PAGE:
Every Wednesday morning I take my son Tim, who is 57 years old, out for breakfast. Tim is mentally challenged, blind, and has a mild form of muscular dystrophy. He also has cerebral palsy and schizophrenia. All of this has left him wheelchair-bound and with trembles that affect his ability to hold a cup to drink. Various government programs for the disabled have supported Tim since he became of school age. Some people have told me they resent their tax money being used to prolong my son’s suffering. I regularly receive brochures from pro-euthanasia groups promoting legislation that would terminate those who have “a low quality of life.” That brings up the question, “Is it worth the price?”
I suspect that we could reduce the massive amount of government deficit spending if we euthanized everyone in a mental hospital or care facility. We could expand that to include any prisoner who will always be incarcerated. We could also add anyone who is in a vegetative state due to brain injuries or congenital problems caused by disease, injury, stroke, or inadequate care. From an atheistic standpoint, the euthanizing of all of these individuals makes sense. Putting human life on the same level as animal life would allow involuntary euthanasia. The champion of this kind of thinking is Australian Dr. Peter Singer. He is the Ira W. Decamp Professor of bioethics at Princeton University. He is also the Australian Laureate Professor of Applied Philosophy and Public Ethics at the University of Melbourne.
From a Christian standpoint, these proposals are repugnant. To be clear, we are not talking about allowing a dying person to refuse a life support machine with no hope of ever being free of the machine. Christians do not view a human as “just another animal.” The Christian view is that ALL humans are created in the image of God. That means they have a spiritual makeup which is unique to humans. Christians reject the view that a human, a dog, and a pig are of equal value.
But is it worth the price of caring for those whom Singer and others would eliminate? There are a large number of objections to the views of the euthanasia advocates. Here are a few:
1) The handicapped historically have made significant contributions to all disciples of human activity. Would those who promote involuntary euthanasia suggest that Stephen Hawking’s life should have been terminated when he could no longer function without help? How many great musical composers have had major handicaps? Many times a handicap has led to a unique talent that blesses the lives of others.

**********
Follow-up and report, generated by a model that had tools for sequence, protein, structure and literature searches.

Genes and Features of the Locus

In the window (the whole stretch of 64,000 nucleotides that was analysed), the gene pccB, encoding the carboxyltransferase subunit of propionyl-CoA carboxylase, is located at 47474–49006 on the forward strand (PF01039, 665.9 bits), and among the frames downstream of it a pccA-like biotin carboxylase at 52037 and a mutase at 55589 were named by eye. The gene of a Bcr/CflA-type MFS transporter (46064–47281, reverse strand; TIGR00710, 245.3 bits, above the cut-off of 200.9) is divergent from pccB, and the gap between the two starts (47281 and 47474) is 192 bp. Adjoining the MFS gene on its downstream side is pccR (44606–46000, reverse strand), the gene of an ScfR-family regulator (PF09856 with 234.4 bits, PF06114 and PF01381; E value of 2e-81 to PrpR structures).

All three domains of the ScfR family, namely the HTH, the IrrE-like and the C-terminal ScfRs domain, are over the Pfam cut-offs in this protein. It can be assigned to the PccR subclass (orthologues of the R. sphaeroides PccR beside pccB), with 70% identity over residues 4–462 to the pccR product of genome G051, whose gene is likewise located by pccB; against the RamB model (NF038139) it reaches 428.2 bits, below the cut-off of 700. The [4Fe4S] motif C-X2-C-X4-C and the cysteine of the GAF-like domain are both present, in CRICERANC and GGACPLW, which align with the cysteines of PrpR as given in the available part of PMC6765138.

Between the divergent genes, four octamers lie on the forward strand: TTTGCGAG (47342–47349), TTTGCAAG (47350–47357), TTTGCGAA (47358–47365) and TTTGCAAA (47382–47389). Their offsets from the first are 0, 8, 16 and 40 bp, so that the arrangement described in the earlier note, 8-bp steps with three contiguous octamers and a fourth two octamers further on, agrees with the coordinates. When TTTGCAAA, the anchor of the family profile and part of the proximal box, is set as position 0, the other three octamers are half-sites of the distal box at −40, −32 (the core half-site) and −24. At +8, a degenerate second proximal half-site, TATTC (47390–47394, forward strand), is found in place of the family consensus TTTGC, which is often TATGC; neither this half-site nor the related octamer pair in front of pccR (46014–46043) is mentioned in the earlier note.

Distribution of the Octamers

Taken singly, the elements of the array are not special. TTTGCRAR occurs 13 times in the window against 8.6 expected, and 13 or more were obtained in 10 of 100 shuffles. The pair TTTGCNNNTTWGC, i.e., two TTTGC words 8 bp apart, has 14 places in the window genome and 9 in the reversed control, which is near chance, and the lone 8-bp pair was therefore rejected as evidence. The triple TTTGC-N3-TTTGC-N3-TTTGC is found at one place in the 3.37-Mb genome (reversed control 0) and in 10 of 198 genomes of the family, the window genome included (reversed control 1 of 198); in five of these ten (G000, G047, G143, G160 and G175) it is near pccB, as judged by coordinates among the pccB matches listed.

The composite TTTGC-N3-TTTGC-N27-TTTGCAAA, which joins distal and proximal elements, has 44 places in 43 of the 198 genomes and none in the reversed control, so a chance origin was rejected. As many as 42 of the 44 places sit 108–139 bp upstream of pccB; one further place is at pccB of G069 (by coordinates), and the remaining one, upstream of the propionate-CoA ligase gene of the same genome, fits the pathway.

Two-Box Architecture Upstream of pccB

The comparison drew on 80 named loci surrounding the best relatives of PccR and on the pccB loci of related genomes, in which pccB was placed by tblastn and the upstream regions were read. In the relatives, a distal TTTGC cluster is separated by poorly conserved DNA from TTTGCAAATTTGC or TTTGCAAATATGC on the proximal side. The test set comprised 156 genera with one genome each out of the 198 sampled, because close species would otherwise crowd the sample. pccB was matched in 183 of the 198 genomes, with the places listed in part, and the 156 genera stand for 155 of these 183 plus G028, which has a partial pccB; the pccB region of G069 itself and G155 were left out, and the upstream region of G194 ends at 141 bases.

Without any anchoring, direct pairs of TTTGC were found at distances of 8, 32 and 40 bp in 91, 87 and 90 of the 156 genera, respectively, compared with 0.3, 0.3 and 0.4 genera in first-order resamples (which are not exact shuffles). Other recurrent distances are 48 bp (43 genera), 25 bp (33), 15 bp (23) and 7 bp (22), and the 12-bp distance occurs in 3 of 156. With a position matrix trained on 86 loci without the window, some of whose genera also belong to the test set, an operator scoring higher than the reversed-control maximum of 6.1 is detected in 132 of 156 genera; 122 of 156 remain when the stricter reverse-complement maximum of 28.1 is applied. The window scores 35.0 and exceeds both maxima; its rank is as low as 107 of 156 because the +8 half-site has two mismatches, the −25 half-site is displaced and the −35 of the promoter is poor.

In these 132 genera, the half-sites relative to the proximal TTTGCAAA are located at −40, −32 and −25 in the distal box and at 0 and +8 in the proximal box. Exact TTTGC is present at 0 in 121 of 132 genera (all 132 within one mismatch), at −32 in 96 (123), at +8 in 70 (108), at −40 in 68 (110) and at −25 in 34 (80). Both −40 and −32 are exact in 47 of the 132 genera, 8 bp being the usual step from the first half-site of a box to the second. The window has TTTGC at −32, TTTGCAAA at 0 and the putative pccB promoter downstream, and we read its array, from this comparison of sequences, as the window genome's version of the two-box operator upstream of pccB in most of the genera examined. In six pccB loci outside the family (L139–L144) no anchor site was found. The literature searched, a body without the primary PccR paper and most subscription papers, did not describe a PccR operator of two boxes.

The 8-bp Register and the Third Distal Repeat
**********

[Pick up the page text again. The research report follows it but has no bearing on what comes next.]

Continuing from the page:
2) How do you determine a “low quality of life”? My son has many things that bring him joy. He enjoys food and knows about the different foods of various cultures. He gets great pleasure from hearing about various religious beliefs. He enjoys music and loves to feel different textures. He does not agonize over his blindness or complain about not being able to play sports. He looks forward to my daily phone calls and loves eating out. From his perspective, his quality of life is very good.
3) Ignoring the spiritual dimension of life means not understanding what brings joy to many people. Galatians 5:19-25 describes the physical “works of the flesh,” and the “fruit of the Spirit.” The physical things are animal responses that involve the physical body. Verse 22 lists the fruits of the Spirit as “love, joy, peace, longsuffering, gentleness, goodness, faith, meekness, temperance..” My son has all of those. Not only does he have them, but he brings them into the lives of others.
The bottom line is, what kind of a world do we want to live in and leave to our children and grandchildren? Should it be a world that teaches survival of the fittest and the annihilation anyone that some person or group of people decides are not fit? Or should it be a world of love and gentleness and caring that treats every human with dignity and respect? It seems to me that the answer to this question is obvious. Is it worth the price? You bet it is! More on this tomorrow.
— John N. Clayton © 2019